• Don’t forget the flip side of this. The coaches would have to be much, much more careful about putting an offer on the table, because once it’s accepted that slot is gone (unless the player doesn’t qualify).

        • GreenDawg

          I guess theoretically that would be true, and theoretically that would help Georgia’s recruiting if you go by Richt’s quote yesterday.

          I still don’t think it would actually do anything though. Guys like Saban would still come in offering schollys like crazy, just maybe not on paper. I guess that would give a recruit more insight on his true intentions, but I think Saban would be able to work around it. As long as he never gives a written offer his hands are clean.

          • Hackerdog

            It would be easy to call Saban’s bluff. It doesn’t take long to fill in a recruit’s name on the LOI and fax/email it over. And if Saban (or whatever coach) isn’t willing to throw down an offer in writing, but Richt (or whatever other coach) is, then it gives the recruit something concrete to consider.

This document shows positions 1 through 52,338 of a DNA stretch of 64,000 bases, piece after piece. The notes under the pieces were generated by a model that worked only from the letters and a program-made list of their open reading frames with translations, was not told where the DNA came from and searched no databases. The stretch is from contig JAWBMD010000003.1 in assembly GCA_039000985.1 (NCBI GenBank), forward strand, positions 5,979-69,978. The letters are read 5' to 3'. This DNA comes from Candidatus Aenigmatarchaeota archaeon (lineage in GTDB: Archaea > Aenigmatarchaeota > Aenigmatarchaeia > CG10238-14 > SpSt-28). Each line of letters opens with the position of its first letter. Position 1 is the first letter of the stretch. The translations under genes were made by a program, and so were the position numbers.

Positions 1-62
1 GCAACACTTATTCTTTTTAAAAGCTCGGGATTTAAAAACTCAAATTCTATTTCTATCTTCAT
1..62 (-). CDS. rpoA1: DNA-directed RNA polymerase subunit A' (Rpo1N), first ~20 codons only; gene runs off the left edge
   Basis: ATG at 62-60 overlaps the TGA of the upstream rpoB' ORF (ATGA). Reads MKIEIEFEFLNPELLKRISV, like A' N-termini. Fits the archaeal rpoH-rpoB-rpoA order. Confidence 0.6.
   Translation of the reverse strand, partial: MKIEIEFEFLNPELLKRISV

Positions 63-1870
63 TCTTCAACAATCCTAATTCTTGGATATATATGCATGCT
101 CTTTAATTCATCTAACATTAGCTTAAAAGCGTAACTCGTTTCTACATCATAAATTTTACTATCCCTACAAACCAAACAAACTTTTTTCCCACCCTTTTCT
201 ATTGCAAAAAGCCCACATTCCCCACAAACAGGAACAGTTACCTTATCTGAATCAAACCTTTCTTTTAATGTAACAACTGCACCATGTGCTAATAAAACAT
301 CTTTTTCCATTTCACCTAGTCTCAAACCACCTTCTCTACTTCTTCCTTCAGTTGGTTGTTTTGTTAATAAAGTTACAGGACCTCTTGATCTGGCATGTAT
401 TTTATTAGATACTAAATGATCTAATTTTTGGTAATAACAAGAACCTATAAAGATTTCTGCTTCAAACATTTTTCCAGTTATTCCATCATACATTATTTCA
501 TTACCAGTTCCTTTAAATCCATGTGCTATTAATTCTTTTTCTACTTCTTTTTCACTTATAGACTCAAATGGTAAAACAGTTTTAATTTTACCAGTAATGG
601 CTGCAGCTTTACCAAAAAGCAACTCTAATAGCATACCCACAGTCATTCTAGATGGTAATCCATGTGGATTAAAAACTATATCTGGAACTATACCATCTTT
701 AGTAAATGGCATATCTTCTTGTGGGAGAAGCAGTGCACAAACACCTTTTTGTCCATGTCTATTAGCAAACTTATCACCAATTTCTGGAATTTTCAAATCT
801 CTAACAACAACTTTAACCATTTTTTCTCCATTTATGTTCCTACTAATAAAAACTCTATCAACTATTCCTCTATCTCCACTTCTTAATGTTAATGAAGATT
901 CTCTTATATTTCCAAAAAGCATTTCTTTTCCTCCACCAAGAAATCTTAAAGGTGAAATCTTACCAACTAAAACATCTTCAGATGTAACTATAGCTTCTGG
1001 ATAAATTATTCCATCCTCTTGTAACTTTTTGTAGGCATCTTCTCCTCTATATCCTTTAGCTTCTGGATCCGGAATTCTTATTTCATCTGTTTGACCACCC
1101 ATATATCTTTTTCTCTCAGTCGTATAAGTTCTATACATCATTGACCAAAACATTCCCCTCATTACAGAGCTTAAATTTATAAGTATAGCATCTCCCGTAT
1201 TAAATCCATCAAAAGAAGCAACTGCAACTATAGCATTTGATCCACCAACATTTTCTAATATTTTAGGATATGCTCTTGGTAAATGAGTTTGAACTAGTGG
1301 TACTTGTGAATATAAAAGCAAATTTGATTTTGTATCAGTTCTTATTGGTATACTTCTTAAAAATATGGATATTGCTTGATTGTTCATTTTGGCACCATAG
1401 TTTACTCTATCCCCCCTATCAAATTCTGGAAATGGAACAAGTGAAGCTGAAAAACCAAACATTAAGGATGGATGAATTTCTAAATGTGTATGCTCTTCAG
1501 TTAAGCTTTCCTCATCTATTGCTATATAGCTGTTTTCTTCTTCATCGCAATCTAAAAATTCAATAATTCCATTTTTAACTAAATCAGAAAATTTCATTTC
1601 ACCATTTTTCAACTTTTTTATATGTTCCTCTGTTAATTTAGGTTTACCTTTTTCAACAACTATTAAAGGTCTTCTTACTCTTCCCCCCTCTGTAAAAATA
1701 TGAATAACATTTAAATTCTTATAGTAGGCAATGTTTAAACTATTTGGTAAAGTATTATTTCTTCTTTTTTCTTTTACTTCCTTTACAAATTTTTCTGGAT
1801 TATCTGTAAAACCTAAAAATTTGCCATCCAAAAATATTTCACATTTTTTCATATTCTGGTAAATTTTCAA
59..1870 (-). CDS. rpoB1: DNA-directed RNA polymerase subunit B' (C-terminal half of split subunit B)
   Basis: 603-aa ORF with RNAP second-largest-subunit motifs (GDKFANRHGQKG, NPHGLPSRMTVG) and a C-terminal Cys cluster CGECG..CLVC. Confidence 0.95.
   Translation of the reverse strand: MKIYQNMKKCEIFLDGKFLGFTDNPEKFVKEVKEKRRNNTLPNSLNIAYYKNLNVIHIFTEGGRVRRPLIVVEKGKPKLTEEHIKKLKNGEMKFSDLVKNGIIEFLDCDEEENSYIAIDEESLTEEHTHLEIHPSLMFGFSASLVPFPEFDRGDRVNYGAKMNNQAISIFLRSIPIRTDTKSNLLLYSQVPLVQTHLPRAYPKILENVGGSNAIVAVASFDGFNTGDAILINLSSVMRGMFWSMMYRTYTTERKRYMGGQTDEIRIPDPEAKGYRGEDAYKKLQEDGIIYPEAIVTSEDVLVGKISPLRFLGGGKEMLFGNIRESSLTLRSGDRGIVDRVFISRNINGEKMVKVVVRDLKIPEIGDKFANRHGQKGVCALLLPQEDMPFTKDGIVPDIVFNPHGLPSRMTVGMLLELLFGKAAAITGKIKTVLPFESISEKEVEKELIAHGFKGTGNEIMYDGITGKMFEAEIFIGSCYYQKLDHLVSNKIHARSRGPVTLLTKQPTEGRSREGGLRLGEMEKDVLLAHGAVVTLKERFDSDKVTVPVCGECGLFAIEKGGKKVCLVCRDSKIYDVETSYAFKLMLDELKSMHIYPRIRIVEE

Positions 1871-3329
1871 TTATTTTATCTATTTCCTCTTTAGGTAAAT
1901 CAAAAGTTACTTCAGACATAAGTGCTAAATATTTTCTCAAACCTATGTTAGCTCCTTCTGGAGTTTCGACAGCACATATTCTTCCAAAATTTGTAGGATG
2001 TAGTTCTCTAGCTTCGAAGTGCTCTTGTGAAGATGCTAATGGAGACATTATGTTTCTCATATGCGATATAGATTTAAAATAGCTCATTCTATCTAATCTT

• Toom

          Also, the trend would swing in the direction of signing early. And so when GT calls and says, “Look, we really need you to sign now or else we’re going with Dave who is ready to sign.” Undue pressure on a high school senior in my humble opinion.
          For some reason, I picture a real estate agent, “I have another couple who is making an offer tomorrow…”
          AND the end result would be most kids would sign at the very first opportunity creating, in effect, another signing day.

        • King Jericho

          The sheer proposal of the idea that any coach would adopt such a practice is MADNESS!

          Oh wait…

        • Comin' Down The Track

          Not to mention, that recruit poaching would almost cease to exist à la Stephon Tuitt, for example.

      • Know One Knows You're a Dawg

        PJ’s idea would give the coaches more power over most recruits. A coach could offer a scholarship and tell the recruit that unless he signed a letter of intent RIGHT NOW, the offer would be withdrawn and not extended again. It’s easy to see why PJ would like this. He could jump on a recruit early and use this hard sell technique to lock in a kid,even if the kid wasn’t a 100 percent ready to commit. You would have kids commiting to a program they may not be crazy about (like Tech), out of a fear that they won’t receive any better offers.